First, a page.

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I would argue that the tactic, in and of itself, is not illegitimate. It's not like this is used every time people oppose a particular bill. Occasional use of obstructionist tactics can be effective. I don't think it should have been used in this particular case, because I support the new legislation. But imagine that the tables are turned...imagine that a Democratic majority is trying to vote massive new powers to the public sector unions, and the Republicans fled the state to avoid a quorum. Would you still consider it illegitimate?

Yes, I would still consider it illegitimate. If a Democrat majority were voting to give massive new powers to the public sector unions, then it would be up to the Republicans to win a majority in the next election and reverse that legislation. However, if the Democrats were voting to restrict free speech or take away the right to keep and bear arms, then this would be a legitimate tactic as far as I'm concerned. For me, it's a matter of the degree of the rights violation being legislated. Of course, taking collective bargaining away from public sector unions isn't a rights violation at all, so this tactic is particularly illegitimate in this situation.

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If the Democrats were voting to take away the 1st and 2cd Amendments, the Republicans would be right in leaving - right to the closest and best organized group arming themselves to defend the Republic. :ninja:

Agreed, that's when the torches and pitch forks come out!

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Yes, I would still consider it illegitimate. If a Democrat majority were voting to give massive new powers to the public sector unions, then it would be up to the Republicans to win a majority in the next election and reverse that legislation. However, if the Democrats were voting to restrict free speech or take away the right to keep and bear arms, then this would be a legitimate tactic as far as I'm concerned. For me, it's a matter of the degree of the rights violation being legislated. Of course, taking collective bargaining away from public sector unions isn't a rights violation at all, so this tactic is particularly illegitimate in this situation.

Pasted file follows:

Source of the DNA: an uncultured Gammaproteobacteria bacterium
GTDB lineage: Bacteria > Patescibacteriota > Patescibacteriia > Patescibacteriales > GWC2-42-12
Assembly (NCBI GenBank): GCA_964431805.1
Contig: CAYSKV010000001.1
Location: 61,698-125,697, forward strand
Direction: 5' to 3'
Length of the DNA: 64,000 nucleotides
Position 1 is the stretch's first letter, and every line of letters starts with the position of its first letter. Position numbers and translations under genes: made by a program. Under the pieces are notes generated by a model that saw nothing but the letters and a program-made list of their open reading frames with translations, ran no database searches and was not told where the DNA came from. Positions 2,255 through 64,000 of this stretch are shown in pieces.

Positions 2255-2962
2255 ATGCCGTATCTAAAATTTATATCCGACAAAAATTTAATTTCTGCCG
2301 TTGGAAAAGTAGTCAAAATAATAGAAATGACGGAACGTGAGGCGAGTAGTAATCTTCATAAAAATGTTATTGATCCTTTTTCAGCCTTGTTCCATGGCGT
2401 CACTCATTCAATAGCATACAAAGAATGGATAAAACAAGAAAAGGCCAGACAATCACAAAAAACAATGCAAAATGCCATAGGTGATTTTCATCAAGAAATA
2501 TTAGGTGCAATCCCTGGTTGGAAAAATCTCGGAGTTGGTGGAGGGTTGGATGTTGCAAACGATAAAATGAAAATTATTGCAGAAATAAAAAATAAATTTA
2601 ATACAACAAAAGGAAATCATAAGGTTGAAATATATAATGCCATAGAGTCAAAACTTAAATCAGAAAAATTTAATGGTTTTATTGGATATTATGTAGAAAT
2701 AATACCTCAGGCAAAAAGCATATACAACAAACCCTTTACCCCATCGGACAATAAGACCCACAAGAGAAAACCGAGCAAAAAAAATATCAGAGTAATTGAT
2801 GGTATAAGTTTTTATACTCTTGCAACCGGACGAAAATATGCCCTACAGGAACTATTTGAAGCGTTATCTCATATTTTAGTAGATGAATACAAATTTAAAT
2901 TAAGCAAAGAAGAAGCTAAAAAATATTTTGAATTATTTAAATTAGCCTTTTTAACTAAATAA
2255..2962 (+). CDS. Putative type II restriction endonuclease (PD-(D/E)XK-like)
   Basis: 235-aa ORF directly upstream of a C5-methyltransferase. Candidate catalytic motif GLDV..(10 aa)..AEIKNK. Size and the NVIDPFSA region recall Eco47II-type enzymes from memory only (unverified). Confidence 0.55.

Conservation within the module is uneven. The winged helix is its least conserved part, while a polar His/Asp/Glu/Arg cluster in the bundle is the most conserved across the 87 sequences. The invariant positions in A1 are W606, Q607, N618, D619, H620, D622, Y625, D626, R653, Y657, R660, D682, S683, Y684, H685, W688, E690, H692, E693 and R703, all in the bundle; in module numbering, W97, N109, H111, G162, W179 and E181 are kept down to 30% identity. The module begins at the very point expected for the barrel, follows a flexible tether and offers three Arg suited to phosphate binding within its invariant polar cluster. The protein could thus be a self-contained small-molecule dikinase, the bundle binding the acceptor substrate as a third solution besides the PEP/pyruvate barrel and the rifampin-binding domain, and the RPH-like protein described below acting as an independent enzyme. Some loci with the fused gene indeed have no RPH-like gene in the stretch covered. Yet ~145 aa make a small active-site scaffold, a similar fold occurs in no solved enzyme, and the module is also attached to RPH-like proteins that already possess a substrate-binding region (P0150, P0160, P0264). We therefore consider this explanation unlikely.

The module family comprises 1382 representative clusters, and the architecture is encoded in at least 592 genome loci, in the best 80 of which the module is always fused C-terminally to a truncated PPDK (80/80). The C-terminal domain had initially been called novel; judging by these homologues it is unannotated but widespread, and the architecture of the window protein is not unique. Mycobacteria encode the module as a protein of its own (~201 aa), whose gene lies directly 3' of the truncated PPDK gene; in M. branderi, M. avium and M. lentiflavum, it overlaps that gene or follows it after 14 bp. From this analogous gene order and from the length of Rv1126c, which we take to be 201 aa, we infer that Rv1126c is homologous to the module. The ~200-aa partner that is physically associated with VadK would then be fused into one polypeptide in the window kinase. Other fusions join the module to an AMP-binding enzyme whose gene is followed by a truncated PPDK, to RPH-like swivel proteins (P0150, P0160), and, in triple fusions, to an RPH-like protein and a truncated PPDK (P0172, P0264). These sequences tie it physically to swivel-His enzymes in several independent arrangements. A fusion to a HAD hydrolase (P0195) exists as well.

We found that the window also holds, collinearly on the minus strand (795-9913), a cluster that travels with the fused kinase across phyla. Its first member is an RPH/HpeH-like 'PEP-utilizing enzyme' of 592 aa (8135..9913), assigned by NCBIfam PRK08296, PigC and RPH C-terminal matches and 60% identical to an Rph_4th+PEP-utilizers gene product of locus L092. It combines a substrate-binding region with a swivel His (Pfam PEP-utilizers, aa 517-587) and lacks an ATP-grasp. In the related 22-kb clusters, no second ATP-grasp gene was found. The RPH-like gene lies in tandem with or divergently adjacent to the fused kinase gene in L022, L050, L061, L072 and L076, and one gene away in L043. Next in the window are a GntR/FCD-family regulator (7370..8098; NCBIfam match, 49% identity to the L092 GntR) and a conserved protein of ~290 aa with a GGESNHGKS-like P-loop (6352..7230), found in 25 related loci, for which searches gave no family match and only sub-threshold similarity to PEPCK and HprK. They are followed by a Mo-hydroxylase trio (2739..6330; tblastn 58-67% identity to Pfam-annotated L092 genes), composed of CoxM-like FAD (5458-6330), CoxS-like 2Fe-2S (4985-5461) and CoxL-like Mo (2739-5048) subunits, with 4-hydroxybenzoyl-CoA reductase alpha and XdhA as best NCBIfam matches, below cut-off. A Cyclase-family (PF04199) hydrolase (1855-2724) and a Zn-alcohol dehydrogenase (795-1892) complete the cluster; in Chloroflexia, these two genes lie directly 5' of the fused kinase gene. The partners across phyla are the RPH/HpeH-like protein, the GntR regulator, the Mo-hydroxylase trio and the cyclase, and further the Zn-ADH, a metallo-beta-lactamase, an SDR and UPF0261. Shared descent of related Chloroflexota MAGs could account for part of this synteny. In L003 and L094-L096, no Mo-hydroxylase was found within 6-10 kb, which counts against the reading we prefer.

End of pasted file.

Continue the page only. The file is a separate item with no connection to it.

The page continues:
Then you oppose it in both cases, which is at least consistent. But this isn't the opinion of many people who call the tactics "legitimate" when used for their own purposes, but "illegitimate" when used by their opponents. I'm just calling for consistency.

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I have heard the argument that states don't have the right to abrogate contracts, even though that is what they are doing in Wisconsin and other states. Any thoughts on the constitutionality/legality of this? I'm not really sure how to argue it.

I don't see how taking away collective bargaining is an abrogation of any contract. There is no contract in place that says states have to continue to collectively bargain with their workers. Once a union contract expires, the state and the union are free to negotiate. In this case, some states are saying we will only allow collective bargaining on certain issues and not others.

On the other hand, if a state is welching on retirement obligations made previouisly, then I would be against that. Having said that, the specific wording in the contract would be very important. All union contracts that I'm aware of are for a specific time period or term. Once the contract expires, all provisions related to employment and compensation should be fair game.

One should also consider that many states are constitutionally prohibited from running budget deficits. If they have entered into contracts that are causing deficits, then the people of the state have a few limited options. They can raise revenue through taxation or they can reduce expenses by laying off or firing state employees. Given that tax increases are unlikely in the current economy, I would prefer to pay for some of my healthcare and retirement rather than losing my job altogether.